“Mockingjay” does many brave things.
It ends Suzanne Collins’ “Hunger Games” trilogy in ways that are inevitable but fly against any number of YA tropes.
It avoids turning Katniss Everdeen into one of those chosen Messiahs that post-apocalyptic novels so prolifically produce, (indeed, it exposes the fabricated falsehood of the very concept).
It resolves its barely-simmering love triangle with a domestic maturity that must have angered many a reader steeped in teen soaps.
More importantly, it refuses to give political pats in the head to anyone who believes in easy stories about Good Little Rebels vs. Big Bad Empires.
After the events on “Catching Fire”, Katniss has become “The Mockingjay”: the symbolic leader whose song inspires the Districts of Panem in the out-and-out war against the Capitol. But being the Mockingjay makes her flap her wings ineffectually. All a Mockingjay does is repeat lines unthinkingly (“make them go viral,” we would say in our own world that is totally not in any way whatsoever like Panem.) Laboriously rehearsing catch-phrases for propaganda spots (“propos”) is what Katniss is asked to do as a Rebel. A “televised puppet,” she calls herself.
It turns out that the manicured poses of the Rebellion are virtually indistinguishable from the manicured poses of the Establishment.
I had originally assumed that Panem was a homonym for Pan-Am, but it turns out to be, in this future world that has a Latinate past, short for “Panem et Circenses.” That is, “Bread and Circus,” as in “keep them fed and entertained and they’ll give up political responsibility and be easy to control.” (It’s interesting, then, that Peeta is a baker, and his initial bread offering to Katniss is frequently invoked.) The phrase comes from Juvenal’s Satires: at a time of decaying civic duty in the Roman Empire, it wasn’t unusual for a political candidate to buy a vote by giving out free wheat to citizens, or free passes to the mauling of a Christian at the Coliseum. (You’re right: it makes zero sense for the Capitol to have adopted that name: was You’reAllSlavia taken?)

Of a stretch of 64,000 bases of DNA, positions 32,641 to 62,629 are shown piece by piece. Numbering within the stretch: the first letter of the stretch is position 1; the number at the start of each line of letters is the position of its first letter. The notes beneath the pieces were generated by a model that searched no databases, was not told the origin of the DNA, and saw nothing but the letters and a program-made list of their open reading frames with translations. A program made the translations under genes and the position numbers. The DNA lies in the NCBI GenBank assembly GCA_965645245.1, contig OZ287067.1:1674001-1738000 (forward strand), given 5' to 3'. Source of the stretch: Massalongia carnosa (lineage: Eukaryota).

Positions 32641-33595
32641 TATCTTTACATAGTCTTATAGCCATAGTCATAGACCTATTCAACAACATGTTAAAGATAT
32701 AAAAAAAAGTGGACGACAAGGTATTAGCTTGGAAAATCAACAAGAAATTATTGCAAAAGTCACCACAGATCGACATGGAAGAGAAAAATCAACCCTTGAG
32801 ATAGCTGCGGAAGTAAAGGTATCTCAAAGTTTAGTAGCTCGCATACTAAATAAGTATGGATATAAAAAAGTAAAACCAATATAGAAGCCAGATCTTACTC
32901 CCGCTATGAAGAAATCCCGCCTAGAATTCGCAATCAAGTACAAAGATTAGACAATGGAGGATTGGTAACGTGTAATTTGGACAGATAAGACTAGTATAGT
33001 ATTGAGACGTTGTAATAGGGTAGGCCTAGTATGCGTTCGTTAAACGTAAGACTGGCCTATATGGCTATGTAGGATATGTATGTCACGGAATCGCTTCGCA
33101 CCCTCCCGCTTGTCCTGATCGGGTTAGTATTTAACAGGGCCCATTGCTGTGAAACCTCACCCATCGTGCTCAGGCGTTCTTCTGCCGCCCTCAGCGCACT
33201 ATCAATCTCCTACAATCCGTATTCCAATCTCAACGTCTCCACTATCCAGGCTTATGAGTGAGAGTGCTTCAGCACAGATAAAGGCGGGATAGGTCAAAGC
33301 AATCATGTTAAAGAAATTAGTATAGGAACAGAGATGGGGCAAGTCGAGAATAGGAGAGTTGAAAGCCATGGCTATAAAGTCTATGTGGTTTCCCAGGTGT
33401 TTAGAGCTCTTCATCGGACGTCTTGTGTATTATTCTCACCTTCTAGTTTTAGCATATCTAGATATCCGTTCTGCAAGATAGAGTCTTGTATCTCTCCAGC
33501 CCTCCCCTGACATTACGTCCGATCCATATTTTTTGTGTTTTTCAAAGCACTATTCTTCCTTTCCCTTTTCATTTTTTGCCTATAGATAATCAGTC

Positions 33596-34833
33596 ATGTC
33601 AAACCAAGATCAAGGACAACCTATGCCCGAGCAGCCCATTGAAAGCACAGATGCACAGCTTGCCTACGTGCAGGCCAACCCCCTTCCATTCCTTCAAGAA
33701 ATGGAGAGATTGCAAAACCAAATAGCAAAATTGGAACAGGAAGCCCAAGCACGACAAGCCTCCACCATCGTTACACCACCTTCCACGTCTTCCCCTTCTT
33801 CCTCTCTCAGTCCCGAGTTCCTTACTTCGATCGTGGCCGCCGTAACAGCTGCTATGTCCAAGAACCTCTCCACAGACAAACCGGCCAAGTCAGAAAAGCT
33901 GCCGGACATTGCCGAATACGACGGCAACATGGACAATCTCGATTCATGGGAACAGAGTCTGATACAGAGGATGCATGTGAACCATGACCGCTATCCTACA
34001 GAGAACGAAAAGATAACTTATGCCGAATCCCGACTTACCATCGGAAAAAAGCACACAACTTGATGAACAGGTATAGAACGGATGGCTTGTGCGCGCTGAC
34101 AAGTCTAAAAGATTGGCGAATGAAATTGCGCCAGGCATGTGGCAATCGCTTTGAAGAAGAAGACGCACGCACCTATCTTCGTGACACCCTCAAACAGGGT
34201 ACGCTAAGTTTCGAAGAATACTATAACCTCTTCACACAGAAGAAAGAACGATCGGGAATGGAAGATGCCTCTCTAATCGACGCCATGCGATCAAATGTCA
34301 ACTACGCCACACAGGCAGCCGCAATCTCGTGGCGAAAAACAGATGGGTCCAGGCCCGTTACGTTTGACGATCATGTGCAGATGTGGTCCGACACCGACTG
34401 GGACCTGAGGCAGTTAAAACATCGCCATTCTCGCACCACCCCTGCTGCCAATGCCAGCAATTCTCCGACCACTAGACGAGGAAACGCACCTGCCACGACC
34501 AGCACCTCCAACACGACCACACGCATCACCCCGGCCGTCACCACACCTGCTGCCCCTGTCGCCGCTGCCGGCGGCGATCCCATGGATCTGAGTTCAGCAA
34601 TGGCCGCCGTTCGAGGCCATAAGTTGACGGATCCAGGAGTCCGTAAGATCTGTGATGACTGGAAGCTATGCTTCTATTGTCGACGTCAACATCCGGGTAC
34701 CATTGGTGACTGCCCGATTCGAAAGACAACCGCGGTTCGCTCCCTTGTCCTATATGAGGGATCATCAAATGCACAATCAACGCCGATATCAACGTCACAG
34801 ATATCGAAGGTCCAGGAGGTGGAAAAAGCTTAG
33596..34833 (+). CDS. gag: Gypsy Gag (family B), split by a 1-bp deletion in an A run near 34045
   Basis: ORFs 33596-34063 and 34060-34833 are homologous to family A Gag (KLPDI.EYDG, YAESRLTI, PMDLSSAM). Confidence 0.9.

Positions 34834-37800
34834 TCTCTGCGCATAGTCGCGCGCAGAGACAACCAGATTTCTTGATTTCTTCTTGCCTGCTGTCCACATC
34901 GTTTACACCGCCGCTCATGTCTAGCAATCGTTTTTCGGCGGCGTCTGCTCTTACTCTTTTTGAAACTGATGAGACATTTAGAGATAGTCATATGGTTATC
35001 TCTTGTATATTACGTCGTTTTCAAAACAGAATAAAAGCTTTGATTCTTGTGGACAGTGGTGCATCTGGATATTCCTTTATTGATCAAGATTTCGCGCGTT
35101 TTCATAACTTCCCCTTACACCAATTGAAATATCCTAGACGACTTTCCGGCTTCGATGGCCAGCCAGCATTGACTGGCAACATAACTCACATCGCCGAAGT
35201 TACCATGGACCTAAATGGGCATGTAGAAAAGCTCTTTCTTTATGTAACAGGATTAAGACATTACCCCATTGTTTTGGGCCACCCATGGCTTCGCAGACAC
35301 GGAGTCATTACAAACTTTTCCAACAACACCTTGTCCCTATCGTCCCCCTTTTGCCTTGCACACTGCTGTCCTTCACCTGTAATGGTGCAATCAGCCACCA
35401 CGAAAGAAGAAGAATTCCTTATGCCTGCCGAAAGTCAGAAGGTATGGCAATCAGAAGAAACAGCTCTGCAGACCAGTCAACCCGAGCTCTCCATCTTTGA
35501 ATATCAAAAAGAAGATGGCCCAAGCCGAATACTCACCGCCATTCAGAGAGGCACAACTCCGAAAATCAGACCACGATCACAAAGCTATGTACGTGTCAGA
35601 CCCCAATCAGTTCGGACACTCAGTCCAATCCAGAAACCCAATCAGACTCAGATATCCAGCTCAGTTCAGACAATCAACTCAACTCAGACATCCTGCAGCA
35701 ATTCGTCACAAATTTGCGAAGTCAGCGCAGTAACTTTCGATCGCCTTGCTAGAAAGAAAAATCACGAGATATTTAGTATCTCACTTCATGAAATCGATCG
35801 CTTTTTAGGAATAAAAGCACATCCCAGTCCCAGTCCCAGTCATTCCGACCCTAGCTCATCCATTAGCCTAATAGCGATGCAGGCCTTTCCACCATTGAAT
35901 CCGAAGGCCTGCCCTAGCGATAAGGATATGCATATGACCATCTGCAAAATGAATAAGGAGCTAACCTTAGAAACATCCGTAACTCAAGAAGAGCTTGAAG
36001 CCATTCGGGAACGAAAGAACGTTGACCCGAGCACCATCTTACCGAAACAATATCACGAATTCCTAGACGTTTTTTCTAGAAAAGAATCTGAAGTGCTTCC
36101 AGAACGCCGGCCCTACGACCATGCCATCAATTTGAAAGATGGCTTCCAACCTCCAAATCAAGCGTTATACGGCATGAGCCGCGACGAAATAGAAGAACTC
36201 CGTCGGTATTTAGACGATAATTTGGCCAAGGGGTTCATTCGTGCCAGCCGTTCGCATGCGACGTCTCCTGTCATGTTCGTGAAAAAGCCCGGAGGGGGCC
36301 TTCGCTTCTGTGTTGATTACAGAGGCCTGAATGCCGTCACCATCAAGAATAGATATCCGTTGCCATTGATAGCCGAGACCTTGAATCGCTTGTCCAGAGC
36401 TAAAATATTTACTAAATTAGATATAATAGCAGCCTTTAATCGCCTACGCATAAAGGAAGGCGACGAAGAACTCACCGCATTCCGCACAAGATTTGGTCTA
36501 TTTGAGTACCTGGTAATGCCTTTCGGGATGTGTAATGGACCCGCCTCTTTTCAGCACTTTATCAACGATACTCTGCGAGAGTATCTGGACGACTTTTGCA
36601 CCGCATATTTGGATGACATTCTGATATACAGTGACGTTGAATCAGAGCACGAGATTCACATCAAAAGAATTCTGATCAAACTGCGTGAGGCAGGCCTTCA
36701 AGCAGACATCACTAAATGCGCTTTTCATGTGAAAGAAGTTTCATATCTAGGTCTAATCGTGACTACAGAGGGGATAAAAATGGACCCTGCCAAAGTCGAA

Collins’ trilogy is the peak of a wave of worried Decline-of-the-American-Empire literature, but whereas many of those novels seem to wait with shotguns happily cocked for the Zombie Apocalypse (TM), Collins is keenly aware that there ARE no zombies, that it’s always real human beings who suffer and starve and die when the Empire falls… very often children. “The Hunger Games” is an urgent anti-war plea, and it is tinged with loss.
I said before that I worried about the way Katniss is denied power repeatedly even as she “seems” to act like a hero. Everything she does serves someone else’s purpose. Events she can’t control constantly interfere with her actions. But it was my mistake to jot that down on the “minus” column: what makes “Mockingjay” so subversive, and what so few people notice, is that here is a young woman who is robbed of heroism by the machinations of war.
We seem to have an endless appetite for stories about characters who “empower themselves,” (which only begins to suggest how powerless most of us feel). “Mockingjay” is a very rare book: one where the heroine gets tossed about by shifting political wings, learns that heroism and power are illusions, and that the best, the ONLY hope we have of saving the world, is teaching our children that human life is not a plaything.
SPOILER, if you couldn’t guess from the above:
OMG Pee-Niss totally DO IT and have babies!!!
Here’s a fitting quote by Juvenal: “A child is owed the greatest respect; if you ever have anything disgraceful in mind, think of your sons and daughters in their tender years.”
RATING: MASTERPIECE!!! Real? Real!
POST-SCRIPT: Talking about song birds, Susanna Hoffs (of Bangles fame) has had a quiet, glorious second career as a cover girl/older lady, reworking the classics with Matthew Sweet. There’s been three albums of “Under the Covers,” and they’re always a fun mix. Here’s Susanna and Matthew, honoring the Beatles with “And Your Bird Can Sing”.